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Show: If both $ab$ and $a + b$ are even, then both $a$ and $b$ are even

Proof: Assume both $ab$ and $a + b$ are even but both $a$ and $b$ are not even

Case1: one is odd
$a=2m+1$, $b=2n$
Hence $a+b = (2m+1) + 2n = 2(m+n) + 1$

Case2: both are odd
$a=2m+1$, $b=2n+1$
Hence $ab = (2m+1)(2n+1) = 2(2mn+m+n) + 1$

Therefore both $a$ and $b$ have to be even for both $ab$ and $a+b$ to be even.

My question is that 1) Is this proof correct? 2) Is this proof by contradiction or negation or any other?

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  • $\begingroup$ Your first line in the proof should be Assume both $ab$ and $a+b$ are even but not both $a$ and $b$ are even, which means at least one of them is odd, while your clause both $a$ and $b$ are not even means both are odd. $\endgroup$ – egreg Feb 13 '14 at 11:46
  • $\begingroup$ Case 1: one is odd and the other is even. $\endgroup$ – André Caldas Feb 13 '14 at 11:53
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This is a proof by contradiction, as what you have really shown is that if "$a$ and $b$ are even" does not hold, then "$ab$ and $a+b$ are even" does not hold. Using the rule of double negation, this of course prooves your original statement.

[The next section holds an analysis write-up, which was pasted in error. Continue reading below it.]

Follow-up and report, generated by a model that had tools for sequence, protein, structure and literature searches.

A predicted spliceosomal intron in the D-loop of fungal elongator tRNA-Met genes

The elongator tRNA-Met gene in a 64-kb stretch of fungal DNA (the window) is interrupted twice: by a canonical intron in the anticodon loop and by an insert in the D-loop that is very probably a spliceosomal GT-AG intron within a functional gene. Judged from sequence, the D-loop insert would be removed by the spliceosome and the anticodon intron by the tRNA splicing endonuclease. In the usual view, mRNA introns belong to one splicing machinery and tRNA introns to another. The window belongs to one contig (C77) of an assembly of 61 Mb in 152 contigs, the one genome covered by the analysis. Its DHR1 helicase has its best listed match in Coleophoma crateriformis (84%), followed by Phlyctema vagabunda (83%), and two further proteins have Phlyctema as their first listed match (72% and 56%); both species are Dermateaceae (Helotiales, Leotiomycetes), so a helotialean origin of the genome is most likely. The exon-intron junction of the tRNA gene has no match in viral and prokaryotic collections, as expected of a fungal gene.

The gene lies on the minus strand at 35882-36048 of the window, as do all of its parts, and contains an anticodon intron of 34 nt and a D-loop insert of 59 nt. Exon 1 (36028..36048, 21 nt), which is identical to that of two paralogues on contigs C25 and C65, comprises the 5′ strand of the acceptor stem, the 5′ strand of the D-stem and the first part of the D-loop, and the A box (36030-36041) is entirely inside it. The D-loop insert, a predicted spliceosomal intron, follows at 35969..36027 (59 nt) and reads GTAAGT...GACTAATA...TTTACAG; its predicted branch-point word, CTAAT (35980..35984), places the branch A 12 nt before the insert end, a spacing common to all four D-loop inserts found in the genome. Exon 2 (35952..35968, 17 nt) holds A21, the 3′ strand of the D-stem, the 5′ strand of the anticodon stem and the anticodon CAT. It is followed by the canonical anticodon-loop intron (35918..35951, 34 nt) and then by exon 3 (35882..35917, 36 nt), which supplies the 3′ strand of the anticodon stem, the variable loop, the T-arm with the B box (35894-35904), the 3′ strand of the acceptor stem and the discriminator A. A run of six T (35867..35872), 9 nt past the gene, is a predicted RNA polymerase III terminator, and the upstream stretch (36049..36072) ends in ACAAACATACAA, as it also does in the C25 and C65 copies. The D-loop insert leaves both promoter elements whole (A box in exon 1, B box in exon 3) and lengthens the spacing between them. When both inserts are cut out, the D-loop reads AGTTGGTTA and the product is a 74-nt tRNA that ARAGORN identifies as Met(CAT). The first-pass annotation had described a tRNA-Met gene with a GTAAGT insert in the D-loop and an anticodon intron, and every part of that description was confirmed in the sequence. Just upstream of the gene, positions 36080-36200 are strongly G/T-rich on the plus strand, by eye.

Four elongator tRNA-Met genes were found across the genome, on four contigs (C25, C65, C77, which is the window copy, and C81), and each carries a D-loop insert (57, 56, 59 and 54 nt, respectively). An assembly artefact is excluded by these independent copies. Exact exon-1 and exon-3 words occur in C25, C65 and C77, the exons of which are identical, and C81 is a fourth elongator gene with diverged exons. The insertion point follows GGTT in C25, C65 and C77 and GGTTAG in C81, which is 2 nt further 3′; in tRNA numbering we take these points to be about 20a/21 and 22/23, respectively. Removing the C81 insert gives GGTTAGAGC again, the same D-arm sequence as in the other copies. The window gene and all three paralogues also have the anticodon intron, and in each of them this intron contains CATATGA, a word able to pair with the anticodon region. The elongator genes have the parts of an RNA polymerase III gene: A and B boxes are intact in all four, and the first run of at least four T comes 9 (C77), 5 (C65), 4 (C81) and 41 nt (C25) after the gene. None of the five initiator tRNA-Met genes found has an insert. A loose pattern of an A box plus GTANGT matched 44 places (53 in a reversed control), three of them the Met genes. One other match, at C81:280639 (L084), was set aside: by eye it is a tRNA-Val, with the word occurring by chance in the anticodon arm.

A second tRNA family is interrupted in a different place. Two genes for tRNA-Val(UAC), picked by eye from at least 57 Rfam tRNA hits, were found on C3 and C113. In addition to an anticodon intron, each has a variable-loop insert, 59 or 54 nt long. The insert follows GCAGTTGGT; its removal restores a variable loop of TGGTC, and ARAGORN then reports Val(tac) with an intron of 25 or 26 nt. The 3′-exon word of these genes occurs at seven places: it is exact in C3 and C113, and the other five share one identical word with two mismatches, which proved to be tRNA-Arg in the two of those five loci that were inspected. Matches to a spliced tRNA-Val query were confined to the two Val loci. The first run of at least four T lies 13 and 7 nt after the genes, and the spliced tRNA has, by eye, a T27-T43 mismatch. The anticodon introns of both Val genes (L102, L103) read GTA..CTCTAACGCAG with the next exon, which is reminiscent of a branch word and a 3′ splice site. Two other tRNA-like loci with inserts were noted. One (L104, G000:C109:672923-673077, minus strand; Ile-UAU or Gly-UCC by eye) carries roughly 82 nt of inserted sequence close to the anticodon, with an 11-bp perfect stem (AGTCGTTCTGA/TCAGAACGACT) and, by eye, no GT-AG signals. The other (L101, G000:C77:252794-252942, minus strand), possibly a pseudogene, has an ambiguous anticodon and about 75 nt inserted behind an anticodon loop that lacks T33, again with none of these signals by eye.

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  • $\begingroup$ This is not exactly contradiction in its full power. For a contradiction, you would assume that $ab$ and $a+b$ are even. But there is no need to assume that. You assume that $a$ and $b$ are not both even and conclude that one of $ab$ or $a+b$ is not even. en.wikipedia.org/wiki/… $\endgroup$ – André Caldas Feb 13 '14 at 12:00
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You might also argue that as $a + b$ is even, both are odd or both are even. But if $a$ and $b$ are odd, then $a b$ is odd, contradicting the premises. So both are even.

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